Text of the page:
Little Momma (3"):

Recent pic of Da Swarm (fry):

Cutteri juvies (2"):

I also have loads of BN pleco's available and a few L-10a red lizard whiptail juvies. The L-10a look cool, but they're worthless for algae cleanup.

07-20-2010, 09:28 AM
Some advice -- the yoyo loaches, aka, pakistani loaches. They're grey stripes fade when stressed or excited. They need lots of hiding places and have an irritating but funny way of trying to squeeze themselves in tight places. They seem to enjoy that. See if you can buy them from the same tank in the shop roughly the same size.

I had a pair that were and were mates. I had another pair that were from different shops and sizes, and they didn't hang out as they should have. One eventually died, returned the other so not to be alone.

07-20-2010, 10:42 PM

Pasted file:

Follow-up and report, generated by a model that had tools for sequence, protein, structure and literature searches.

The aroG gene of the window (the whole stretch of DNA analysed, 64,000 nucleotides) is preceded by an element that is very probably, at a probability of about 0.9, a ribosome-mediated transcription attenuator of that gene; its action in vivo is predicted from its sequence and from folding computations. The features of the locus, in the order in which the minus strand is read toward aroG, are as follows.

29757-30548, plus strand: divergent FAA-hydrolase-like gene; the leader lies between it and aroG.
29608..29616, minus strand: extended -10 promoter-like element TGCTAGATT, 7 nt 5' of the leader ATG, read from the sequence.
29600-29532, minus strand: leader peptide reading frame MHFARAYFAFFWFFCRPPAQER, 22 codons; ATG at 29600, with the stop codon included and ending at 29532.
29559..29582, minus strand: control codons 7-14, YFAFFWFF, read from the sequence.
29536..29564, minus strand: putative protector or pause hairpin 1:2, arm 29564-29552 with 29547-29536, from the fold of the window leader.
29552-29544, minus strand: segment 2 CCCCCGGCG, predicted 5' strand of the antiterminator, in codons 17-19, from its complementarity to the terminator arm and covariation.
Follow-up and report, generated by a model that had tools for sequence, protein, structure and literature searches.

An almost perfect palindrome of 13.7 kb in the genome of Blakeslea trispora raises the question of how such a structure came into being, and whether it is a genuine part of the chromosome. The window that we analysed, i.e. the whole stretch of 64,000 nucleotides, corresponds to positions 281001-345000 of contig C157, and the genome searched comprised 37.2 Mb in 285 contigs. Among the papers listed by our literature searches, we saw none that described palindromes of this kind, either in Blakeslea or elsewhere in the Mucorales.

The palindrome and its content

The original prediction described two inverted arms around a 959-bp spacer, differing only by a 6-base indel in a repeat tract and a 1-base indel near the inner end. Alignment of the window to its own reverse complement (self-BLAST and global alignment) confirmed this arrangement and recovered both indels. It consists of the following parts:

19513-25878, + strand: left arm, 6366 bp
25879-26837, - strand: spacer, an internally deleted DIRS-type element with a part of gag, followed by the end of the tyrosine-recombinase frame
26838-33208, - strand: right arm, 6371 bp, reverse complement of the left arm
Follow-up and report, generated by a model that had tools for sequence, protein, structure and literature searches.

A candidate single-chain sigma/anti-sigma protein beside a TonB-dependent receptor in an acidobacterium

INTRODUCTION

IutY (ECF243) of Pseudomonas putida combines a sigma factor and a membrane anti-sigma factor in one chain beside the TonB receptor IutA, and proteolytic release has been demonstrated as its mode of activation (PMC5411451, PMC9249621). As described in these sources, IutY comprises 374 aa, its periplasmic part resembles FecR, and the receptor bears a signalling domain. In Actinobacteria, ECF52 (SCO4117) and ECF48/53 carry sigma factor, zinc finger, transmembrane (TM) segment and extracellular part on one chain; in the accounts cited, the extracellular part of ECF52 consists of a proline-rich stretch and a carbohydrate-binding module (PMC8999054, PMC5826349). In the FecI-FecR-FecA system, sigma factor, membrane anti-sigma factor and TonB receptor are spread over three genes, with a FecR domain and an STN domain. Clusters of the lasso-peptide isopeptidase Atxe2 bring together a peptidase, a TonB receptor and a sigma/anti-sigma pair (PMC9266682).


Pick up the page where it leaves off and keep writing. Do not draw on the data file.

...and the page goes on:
You should try to incorperate shrimp into one of the options! They help keep the plants clean.

07-21-2010, 12:12 AM
Hmmm, never thought of doing shrimp! Could easily be an option. I talked to the misses last night about what she would want to do with the tank and I brought up the fact that we will need to move our Rainbows from the 10g to a larger tank. I suggested that instead of getting new fish for the 29g and having to get a new tank for the rainbows that we should use the 29g for the rainbows. Of course that would mean that I need to find a new tank for my new project...enter the 55g that has been sitting in my basement since Februrary..MUHAHAHAHA! She agreed to making the 10g a betta tank, the 29g a tank with rainbows and other stuff(livebearers maybe?) and my having a 55g which will more than likely be a dwarf cichlid tank :19: thumbs2: